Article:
If your doctor suspects you may be suffering from gastrointestinal issues, he or she may suggest a procedure called an upper endoscopy. An upper endoscopy is used to visually examine your upper digestive system using a tiny camera at the tip of a probe called an endoscope. If you’ve just made an appointment for your first endoscopy, you may have questions regarding the procedure. We’ll discuss some of the more frequently asked questions about the upper endoscopy procedure.
The medical term for an upper endoscopy is esophagogastroduodenoscopy, which is quite a mouthful, so we’ll just stick with upper endoscopy. An upper endoscopy is used to diagnose illnesses that affect the upper part of your digestive system, including the esophagus, stomach and beginning of the small intestine. Some of the most common ailments of this nature are acid reflux or GERD.
How does the procedure work?
During an upper endoscopy procedure, the endoscope is inserted in your mouth by your gastroenterologist. You may experience pressure—but not pain—in your throat. The small camera on the endoscope transfers images to a monitor, which your doctor will examine to look for anything abnormal in your upper digestive tract. Your doctor may pass special surgical tools through the endoscope to collect a tissue sample or remove a polyp.
How long will an upper endoscopy procedure take?
An upper endoscopy usually takes anywhere from 15-30 minutes and can be done as an outpatient procedure in your doctor’s office or in an outpatient surgery center.
What are the side effects?
An upper endoscopy is a safe procedure, however, as with any medical procedure, there is a risk of some minor side effects. These include: bleeding, infection, or tearing of your gastrointestinal (GI) tract. By preparing for your endoscopy and following your doctor’s instructions before, during, and after the procedure, you can minimize your risk of side effects.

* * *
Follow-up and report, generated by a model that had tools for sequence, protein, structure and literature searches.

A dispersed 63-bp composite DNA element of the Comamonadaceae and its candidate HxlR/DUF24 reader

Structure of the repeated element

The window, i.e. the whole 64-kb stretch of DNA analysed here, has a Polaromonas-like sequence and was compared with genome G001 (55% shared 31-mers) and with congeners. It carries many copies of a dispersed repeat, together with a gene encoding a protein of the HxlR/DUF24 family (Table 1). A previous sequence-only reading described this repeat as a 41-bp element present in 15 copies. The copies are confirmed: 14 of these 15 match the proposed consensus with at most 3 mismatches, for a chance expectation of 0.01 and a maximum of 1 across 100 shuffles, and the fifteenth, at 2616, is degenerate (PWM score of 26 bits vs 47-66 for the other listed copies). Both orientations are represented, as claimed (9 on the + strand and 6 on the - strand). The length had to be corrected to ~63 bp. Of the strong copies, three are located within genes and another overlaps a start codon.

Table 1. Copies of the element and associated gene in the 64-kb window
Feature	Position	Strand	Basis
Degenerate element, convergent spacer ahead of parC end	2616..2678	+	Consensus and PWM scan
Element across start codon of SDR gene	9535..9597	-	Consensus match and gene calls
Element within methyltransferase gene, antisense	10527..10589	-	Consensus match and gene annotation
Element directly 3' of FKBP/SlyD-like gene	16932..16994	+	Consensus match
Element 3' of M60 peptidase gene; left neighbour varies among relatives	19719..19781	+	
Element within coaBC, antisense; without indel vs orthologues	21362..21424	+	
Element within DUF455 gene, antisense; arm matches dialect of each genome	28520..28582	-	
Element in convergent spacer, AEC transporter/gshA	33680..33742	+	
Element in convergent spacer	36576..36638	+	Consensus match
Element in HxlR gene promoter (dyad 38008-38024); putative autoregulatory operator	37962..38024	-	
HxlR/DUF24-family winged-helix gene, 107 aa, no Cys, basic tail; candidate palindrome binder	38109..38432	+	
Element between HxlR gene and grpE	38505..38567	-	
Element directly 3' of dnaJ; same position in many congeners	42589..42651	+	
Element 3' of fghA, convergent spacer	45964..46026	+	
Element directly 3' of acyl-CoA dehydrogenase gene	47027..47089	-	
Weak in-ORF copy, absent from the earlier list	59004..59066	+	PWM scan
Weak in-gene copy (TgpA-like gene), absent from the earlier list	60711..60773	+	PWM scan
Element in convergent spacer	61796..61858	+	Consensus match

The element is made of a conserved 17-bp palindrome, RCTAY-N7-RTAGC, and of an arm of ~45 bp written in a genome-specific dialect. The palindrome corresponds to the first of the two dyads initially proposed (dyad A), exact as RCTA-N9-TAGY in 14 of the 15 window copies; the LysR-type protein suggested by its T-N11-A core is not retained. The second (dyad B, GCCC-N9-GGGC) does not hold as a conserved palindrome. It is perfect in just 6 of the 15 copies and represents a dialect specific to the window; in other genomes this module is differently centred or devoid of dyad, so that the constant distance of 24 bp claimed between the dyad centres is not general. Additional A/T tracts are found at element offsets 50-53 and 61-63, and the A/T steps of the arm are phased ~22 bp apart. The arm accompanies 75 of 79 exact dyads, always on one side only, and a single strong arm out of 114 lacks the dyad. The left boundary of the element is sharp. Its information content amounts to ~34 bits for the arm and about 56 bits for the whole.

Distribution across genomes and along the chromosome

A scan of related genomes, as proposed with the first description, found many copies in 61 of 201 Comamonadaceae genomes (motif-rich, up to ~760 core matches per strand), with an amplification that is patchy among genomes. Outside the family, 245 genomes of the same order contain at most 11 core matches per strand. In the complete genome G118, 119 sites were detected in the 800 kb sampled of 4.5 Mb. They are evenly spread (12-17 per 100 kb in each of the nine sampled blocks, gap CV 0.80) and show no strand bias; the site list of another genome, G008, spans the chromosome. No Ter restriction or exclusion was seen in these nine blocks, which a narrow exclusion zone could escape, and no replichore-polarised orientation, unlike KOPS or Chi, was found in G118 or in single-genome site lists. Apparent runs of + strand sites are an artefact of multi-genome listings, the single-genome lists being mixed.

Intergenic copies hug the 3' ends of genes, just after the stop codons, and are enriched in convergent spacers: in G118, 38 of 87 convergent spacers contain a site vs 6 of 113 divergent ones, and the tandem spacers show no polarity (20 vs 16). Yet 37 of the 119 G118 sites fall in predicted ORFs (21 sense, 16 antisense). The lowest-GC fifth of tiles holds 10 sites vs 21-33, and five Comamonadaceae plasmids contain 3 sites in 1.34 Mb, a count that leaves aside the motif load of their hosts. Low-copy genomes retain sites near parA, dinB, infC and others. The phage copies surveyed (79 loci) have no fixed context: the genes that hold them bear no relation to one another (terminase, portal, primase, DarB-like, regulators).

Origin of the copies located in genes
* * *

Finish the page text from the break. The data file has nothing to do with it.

What does it mean if they say I have GERD?
If your doctor diagnoses you with gastroesophageal reflux disease—or GERD—it simply means that your lower esophageal sphincter isn’t tightening properly, allowing stomach acid to flow back up into your esophagus frequently and causing an irritation of the esophagus known as acid reflux. While lifestyle changes and over the counter medications may temporarily provide some relief for occasional heartburn and reflux, patients with GERD often require additional treatment like anti-reflux surgery to permanently correct their GERD. Your doctor will discuss the best treatment methods for your GERD.
Your upper endoscopy procedure doesn’t have to be scary. By educating yourself and asking your doctor any and all questions you have about the procedure, you’ll be in the best place to focus less about the procedure, and more about getting on with your life in the healthiest way possible!